At mile 16 I saw a marshall. It had been a very long, lonely mile or so and I was at rock bottom. He told me I was halfway. But I’ve done 16 milesOh you know these events, 26 miles is just an estimate, he replied. I had done the run last year, I knew it was 26 miles, not 32. But my spirits dropped from low to rock-bottom. The next 3 miles are a blur in my mind. I was dying the entire time, seemingly encapsulated in panic, far from anyone or anything, with no shade from the sun. I was in one of the most beautiful landscapes I’d ever run in, and I couldn’t think coherently enough to enjoy it, only feeling surges of dread all over the place as I clambered over the rocks. It was here that I encountered The Guy Who Got Me Through, though it wasn’t until later that he really saved the day. We were both in a slump – he said he’d love to be sitting at home drinking a tea. I hadn’t even had a cup of tea that day (no wonder I didn’t feel good), and all I could think of was sugary tea from there on (note: I felt too ill to eat by this point, and was relying on coke from the feed stations to get some sugar in me).

This is a long account. It was a long day.

Every story needs a hero, and there are many many heroes in this one, but my first hero (and probably that of many other runners that day) was the ninja feed station at mile 19. It was here that I was supposed to drop out – I had actually decided that this would be the case – but instead I came across a little table and two friendly people handing out water and Kendal mint cake. They had done the race before, but had decided this year to hand out refreshments to runners instead, setting up outside a friend’s house where they could use a tap all day long (bearing in mind that the official feed stations were usually tap-less, so precious water had to be shipped to us – water really was at a premium that day). Here I got chatting to a small group of people and it turned out that we were all struggling with major issues. I WAS NOT ALONE. I told them that I had decided to drop out, but that their company might be enough to see me on a little further. We ran together for a while, and stuck together on and off for the remainder of the race.

This was the turning point for me. It took 19 miles (and who knows how many hours) of journeying forwards before my mind started to calm, but I got there. By this point the heat was seriously bad, and I was aware that it would be too much for many people, but miracuolously I felt ok. I had ample water and was soaked in suncream. I also have to mention here the lovely family of one runner, to whom I’d mentioned that I was getting some chafing from my backpack. She had given her family a description of me, and as I approached them they were holding out a tub of Vaseline, complete with kind words and well wishes. I wasn’t surprised – this level of kindness and camaraderie is what I’ve come to expect on Lakeland Trails events. If you’re reading, fellow runner, thank you – and well done on such a great run 🙂

The last six miles? Easy peasy compared to the first 20. I had blisters all over my feet, I was starving hungry, I had a grumbling headache and I hadn’t had a wee for more hours than is probably safe, but I felt as if I could do it for the first time since March. I ran along chatting to the same guy who I’d met earlier (now known as The Guy Who Got Me Through since we didn’t bother asking for names), whose company and really good conversation (how is it that you can be that tired and still really enjoy a conversation?) took me from enduring to enjoying my time out on the fells. He was one of a number of really awesome people who I met – always a theme at Lakeland Trails days out!  I actually felt kind of cheerful, and when we reached the final aid station (3 miles to go!) it was a veritable festival of joy. Here I bumped into Mark (sorry I called you Jeff – was a bit delirious by this point!) who was ploughing along like a running machine, and who offered me some great words of encouragement to see me through those last couple of miles. Up a bit, then meet the lakeshore and just a couple of miles of flat from there (oh and a wall to climb over).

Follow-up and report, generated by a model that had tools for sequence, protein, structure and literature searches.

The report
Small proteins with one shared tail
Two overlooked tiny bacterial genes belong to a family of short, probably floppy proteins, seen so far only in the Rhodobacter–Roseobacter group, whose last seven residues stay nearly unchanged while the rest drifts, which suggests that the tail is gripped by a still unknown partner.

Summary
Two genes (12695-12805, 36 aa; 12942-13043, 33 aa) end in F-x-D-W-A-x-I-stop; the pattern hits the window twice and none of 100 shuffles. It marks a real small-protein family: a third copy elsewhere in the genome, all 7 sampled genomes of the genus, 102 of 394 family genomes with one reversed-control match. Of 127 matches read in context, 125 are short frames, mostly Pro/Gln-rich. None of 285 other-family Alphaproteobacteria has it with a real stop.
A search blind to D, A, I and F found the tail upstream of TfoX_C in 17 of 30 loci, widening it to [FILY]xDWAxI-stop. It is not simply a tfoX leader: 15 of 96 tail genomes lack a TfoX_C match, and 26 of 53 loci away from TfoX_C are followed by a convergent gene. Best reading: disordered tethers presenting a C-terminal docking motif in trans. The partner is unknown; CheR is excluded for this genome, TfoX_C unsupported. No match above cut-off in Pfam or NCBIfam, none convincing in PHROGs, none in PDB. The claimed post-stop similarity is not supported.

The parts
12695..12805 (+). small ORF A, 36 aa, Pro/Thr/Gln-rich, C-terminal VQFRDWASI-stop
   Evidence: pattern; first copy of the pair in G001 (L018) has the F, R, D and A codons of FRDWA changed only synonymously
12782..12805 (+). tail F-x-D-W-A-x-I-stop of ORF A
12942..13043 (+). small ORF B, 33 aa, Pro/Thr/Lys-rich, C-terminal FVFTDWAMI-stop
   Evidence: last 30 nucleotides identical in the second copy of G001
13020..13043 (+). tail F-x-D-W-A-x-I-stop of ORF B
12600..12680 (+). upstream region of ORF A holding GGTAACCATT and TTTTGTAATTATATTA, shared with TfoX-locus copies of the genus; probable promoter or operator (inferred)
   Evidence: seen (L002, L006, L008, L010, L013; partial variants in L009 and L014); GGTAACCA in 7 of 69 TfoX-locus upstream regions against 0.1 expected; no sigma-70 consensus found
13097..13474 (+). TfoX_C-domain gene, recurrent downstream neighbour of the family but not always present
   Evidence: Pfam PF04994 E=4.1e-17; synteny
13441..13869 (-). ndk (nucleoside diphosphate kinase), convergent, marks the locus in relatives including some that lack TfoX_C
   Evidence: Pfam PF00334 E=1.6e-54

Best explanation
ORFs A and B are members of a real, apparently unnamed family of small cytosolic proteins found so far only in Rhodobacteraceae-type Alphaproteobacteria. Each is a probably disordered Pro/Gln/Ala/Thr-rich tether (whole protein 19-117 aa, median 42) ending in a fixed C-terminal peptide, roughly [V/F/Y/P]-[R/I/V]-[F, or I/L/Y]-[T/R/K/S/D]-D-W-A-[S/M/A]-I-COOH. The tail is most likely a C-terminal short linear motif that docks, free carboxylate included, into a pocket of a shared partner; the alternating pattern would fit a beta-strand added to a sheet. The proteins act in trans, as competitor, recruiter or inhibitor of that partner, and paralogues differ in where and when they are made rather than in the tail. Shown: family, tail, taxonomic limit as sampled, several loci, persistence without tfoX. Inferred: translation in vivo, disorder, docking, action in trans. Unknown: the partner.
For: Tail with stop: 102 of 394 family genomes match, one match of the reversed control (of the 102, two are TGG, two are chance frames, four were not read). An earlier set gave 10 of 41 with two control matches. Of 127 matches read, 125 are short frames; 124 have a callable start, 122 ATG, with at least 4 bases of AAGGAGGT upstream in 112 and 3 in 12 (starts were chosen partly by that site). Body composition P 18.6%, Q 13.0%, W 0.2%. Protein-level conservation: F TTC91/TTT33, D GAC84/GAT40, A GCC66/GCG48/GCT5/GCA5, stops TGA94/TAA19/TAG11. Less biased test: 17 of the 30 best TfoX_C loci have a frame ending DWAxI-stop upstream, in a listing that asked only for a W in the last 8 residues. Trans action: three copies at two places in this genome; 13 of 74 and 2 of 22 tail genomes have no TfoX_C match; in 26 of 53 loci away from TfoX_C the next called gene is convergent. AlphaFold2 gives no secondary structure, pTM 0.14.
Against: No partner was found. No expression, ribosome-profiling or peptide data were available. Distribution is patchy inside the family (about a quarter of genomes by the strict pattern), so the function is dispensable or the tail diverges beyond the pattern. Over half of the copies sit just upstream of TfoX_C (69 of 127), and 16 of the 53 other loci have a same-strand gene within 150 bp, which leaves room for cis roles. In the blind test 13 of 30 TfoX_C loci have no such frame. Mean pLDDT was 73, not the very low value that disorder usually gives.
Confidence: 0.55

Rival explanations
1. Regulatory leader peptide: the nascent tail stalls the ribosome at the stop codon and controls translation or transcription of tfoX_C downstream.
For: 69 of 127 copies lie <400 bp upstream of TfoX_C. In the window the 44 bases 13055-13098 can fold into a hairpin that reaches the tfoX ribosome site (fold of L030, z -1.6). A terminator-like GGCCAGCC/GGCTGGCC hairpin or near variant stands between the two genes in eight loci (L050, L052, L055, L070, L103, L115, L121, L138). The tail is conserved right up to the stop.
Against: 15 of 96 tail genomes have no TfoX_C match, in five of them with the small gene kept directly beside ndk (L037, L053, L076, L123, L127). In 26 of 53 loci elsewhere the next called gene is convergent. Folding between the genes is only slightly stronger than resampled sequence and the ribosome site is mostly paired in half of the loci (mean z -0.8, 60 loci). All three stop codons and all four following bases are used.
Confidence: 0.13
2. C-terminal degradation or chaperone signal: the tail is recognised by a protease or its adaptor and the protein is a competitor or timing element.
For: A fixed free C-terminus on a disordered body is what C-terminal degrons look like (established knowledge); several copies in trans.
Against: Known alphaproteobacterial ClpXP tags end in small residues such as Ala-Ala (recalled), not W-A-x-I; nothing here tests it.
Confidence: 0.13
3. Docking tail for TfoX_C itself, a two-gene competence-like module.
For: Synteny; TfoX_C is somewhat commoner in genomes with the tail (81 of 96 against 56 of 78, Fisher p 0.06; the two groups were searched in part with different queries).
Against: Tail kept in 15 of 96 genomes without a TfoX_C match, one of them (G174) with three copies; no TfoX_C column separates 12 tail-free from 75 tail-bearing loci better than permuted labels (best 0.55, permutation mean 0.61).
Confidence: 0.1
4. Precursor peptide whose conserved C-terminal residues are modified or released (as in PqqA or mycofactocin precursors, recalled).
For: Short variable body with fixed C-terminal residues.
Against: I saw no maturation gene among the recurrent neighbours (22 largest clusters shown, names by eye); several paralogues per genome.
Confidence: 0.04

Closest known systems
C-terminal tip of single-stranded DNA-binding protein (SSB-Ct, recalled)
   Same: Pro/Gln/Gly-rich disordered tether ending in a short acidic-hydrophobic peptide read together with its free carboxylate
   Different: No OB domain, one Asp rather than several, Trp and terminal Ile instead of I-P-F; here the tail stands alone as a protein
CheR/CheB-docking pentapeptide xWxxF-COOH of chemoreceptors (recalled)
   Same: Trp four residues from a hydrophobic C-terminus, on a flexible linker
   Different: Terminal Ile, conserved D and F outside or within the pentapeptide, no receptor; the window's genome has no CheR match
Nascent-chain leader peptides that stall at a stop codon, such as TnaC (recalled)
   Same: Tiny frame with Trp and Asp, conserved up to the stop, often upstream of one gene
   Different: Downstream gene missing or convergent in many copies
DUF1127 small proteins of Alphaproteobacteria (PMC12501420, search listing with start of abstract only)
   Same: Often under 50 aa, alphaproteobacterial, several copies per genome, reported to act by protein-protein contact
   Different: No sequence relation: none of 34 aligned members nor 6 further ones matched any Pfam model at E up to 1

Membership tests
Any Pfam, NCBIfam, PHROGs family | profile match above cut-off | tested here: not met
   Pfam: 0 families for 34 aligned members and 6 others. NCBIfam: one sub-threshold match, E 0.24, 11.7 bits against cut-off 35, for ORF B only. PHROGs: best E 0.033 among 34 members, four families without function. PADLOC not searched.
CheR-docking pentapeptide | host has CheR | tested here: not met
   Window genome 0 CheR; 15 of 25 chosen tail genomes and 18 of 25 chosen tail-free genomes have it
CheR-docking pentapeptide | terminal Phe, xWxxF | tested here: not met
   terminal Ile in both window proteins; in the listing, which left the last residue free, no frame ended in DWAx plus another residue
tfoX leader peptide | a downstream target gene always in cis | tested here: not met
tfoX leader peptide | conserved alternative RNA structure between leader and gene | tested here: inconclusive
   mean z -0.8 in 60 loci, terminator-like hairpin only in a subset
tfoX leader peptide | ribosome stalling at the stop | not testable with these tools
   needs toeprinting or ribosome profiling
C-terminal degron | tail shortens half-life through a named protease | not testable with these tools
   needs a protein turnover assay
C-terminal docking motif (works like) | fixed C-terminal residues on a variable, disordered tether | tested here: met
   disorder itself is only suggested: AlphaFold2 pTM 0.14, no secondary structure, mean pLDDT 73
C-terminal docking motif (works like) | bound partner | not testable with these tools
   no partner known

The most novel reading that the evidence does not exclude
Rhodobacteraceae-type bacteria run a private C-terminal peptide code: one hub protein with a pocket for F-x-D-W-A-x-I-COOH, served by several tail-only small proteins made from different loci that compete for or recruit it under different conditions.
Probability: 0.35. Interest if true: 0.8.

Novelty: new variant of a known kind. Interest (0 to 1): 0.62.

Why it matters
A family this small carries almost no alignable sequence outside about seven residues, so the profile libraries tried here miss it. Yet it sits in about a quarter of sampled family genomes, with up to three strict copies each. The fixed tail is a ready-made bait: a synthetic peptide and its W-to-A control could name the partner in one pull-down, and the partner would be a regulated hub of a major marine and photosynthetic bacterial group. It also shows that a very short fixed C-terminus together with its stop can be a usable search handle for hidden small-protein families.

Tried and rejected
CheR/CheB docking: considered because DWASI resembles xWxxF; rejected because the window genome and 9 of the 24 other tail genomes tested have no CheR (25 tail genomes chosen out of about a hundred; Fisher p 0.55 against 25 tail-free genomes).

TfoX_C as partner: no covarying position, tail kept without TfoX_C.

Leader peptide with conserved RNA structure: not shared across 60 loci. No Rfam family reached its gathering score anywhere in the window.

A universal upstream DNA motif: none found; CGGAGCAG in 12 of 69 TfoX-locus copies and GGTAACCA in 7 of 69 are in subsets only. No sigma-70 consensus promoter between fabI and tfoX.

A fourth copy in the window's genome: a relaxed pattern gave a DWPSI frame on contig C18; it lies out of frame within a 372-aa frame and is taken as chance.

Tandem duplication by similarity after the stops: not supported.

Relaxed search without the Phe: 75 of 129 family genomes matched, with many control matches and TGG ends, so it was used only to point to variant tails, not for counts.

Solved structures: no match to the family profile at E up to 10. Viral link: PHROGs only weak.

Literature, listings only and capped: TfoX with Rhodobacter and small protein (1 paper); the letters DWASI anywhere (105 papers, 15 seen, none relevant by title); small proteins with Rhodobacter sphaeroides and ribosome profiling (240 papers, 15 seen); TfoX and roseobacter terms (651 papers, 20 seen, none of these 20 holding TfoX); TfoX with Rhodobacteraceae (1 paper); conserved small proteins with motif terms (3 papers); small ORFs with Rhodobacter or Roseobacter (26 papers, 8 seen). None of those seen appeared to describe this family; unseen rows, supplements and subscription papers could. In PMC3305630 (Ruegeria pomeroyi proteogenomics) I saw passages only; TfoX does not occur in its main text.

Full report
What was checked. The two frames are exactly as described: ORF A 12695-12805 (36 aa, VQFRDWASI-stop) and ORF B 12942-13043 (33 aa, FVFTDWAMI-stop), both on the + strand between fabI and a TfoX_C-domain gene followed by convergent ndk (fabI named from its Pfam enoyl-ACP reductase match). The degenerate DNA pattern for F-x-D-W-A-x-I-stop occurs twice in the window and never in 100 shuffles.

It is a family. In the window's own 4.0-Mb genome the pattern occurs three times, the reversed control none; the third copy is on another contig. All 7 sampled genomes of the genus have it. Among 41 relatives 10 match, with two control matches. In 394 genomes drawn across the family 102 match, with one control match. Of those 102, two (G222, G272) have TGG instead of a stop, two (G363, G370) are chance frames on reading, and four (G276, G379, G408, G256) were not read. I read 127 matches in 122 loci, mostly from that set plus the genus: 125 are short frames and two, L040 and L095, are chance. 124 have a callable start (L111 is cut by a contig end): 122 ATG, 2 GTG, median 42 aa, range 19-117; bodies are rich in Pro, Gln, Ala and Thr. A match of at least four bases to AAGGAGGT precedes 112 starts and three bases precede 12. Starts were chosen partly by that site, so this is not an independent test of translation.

I petered out in the last few hundred metres and ran in a sort of ‘creeping’ style over the finish line – not the strong finish that I usually like to go for. But who cares? Somehow I’d made it, battling on past the lowest of all lows to actually gain some real positivity from the run. Ask anyone who has ever run a marathon and they will tell you that the challenge is almost completely mental. Mostly, I agree with this. But somehow this run showed something different. I had no mental strength that day, none whatsoever. The thing that got me through that marathon was the strength of others. So, while I am free to think what I want of my own mental strength, which may or may not be available at any point, at least I know that there is a goldmine of strength to be found in other people. And I really hope that I can give back as much as I take – the runner who got treated to my ‘Last few miles rap’ at mile 24 (sorry) may have something to say about that one…

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*To the tune of So Solid’s 21 Seconds, but replacing the seconds with distance as you get closer to the end…